Softbank gets OK in Sprint deal


Shareholders of Sprint Nextel Corp. on Tuesday approved Softbank Corp.’s offer to acquire the third-largest U.S. mobile carrier for $21.6 billion, paving the way for the Japanese carrier to enter the American wireless market.

With the acquisition of the No. 3 U.S. mobile carrier, Softbank, the parent of Softbank Mobile Corp., said it would become the world’s third-largest cellphone carrier along with AT&T of the United States in terms of sales, ranking behind China Mobile Ltd. of China and Verizon Wireless, another U.S. carrier.

Softbank issued a statement early Wednesday saying: “We are happy to have received support from many Sprint shareholders. We plan to swiftly complete procedures for this transaction upon receiving approval from the U.S. Federal Communications Commission.”

Softbank anticipates the transaction to be completed early next month.

“The transaction with Softbank should enhance Sprint’s long-term value and competitive position by creating a company with greater financial flexibility,” Sprint CEO Dan Hesse said.

The deal is the largest overseas acquisition ever by a Japanese firm.

After the acquisition, subscribers of Softbank group service units in Japan and the U.S. will total about 97 million. The company aims to slash $2 billion (about ¥195 billion) in annual costs through joint procurement of communication equipment and mobile handsets with Sprint.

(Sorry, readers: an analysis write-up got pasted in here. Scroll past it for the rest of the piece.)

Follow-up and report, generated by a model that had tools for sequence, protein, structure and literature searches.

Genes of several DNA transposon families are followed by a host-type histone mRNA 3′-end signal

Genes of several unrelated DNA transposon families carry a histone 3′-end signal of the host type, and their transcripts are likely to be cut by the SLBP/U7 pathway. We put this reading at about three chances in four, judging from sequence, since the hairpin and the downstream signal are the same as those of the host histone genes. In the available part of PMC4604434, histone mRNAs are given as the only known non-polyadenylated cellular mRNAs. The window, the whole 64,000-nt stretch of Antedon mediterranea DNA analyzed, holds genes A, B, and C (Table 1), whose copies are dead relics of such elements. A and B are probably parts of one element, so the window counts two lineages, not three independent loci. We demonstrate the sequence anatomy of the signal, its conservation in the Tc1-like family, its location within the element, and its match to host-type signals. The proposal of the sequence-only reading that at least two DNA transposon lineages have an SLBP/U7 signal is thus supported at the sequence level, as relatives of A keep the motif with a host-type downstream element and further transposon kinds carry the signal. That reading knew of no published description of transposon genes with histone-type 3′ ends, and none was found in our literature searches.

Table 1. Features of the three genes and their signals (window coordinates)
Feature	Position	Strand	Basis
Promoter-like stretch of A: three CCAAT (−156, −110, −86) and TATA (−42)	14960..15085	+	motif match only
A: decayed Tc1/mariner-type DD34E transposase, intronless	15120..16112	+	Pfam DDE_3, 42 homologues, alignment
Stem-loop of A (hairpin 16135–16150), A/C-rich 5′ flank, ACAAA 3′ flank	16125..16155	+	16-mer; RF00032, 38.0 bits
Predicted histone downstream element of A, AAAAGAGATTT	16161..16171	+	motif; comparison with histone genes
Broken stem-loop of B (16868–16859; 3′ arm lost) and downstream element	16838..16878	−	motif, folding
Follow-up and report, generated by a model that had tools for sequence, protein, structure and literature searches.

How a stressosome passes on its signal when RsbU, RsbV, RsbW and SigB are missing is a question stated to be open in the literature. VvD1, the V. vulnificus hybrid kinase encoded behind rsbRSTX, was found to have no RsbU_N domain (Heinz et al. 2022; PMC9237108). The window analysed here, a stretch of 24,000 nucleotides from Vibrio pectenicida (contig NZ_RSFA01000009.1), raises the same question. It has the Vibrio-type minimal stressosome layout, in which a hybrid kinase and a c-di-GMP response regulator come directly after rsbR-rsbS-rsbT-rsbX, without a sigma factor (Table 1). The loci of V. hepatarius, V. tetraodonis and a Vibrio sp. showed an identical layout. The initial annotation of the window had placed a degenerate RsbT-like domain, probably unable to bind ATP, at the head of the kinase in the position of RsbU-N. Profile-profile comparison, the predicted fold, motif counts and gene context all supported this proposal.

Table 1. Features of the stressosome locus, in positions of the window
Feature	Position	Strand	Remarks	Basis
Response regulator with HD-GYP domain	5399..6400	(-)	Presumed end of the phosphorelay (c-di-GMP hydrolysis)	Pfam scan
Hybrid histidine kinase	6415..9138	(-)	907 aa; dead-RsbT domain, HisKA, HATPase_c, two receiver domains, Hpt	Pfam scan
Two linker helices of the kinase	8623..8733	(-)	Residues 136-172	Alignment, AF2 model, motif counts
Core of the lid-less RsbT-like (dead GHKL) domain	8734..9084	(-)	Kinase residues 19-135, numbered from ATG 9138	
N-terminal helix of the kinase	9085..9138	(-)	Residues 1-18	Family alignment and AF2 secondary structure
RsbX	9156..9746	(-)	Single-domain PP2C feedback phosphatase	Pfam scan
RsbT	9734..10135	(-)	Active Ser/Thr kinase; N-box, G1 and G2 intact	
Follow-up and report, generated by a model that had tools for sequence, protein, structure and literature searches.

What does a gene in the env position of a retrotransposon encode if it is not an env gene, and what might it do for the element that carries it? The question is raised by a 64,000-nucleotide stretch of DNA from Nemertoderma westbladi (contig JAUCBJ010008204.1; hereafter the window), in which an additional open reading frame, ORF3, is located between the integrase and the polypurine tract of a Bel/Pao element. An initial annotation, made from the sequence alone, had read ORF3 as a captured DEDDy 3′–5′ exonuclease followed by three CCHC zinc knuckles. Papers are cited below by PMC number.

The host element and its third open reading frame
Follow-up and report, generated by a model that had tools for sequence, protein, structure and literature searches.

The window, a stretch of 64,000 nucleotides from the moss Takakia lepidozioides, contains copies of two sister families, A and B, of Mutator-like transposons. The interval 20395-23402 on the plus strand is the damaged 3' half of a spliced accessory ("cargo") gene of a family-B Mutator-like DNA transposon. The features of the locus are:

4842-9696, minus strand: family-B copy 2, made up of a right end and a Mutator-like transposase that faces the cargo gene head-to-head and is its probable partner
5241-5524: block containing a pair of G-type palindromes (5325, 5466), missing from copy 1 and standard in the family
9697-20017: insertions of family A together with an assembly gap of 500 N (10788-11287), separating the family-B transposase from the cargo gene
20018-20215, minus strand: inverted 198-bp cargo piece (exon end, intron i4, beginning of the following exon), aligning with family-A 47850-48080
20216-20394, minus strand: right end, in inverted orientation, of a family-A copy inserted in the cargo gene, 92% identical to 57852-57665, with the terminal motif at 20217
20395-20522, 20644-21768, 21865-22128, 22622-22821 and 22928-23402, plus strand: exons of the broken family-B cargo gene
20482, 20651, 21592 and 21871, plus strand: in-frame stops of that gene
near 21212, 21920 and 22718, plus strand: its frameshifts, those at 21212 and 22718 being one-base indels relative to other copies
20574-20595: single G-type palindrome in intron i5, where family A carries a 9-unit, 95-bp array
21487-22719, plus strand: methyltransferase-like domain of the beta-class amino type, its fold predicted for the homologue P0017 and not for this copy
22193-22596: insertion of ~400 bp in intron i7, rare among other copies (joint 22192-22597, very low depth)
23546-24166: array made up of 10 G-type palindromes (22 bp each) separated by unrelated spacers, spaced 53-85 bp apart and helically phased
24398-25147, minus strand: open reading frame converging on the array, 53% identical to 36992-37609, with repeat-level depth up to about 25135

The Softbank deal received clearance from U.S. national security officials last month under the condition they appoint an independent member to the Sprint board of directors to serve as security director.

The director, who must be approved by U.S. authorities, would oversee national security matters and serve as a point of contact for Washington.

Last October, Softbank and Sprint agreed that the Japanese firm would pay $20.1 billion to acquire a 70 percent stake in Sprint.

In April, U.S. satellite television provider Dish Network Corp. challenged the buyout plan, making a $25.5 billion bid to acquire Sprint.

To counter Dish, Softbank raised its takeover bid by $1.5 billion, to $21.6 billion, to acquire a roughly 78 percent stake in Sprint.

In its filing with the U.S. Securities and Exchange Commission on June 21, Dish said it decided to abandon its effort to acquire Sprint.

Dish has also made a bid to acquire a greater stake in Clearwire Corp., a wireless Internet company owned 50 percent by Sprint, countering Sprint’s plan to make Clearwire its wholly owned unit to expand its broadband services with the frequency band owned by Clearwire.

The Clearwire board had earlier supported Dish’s buyout plan, but has reversed its stance and recommended its shareholders approve Sprint’s plan after Sprint raised its buyout offer. Prospects for that buyout battle remain uncertain.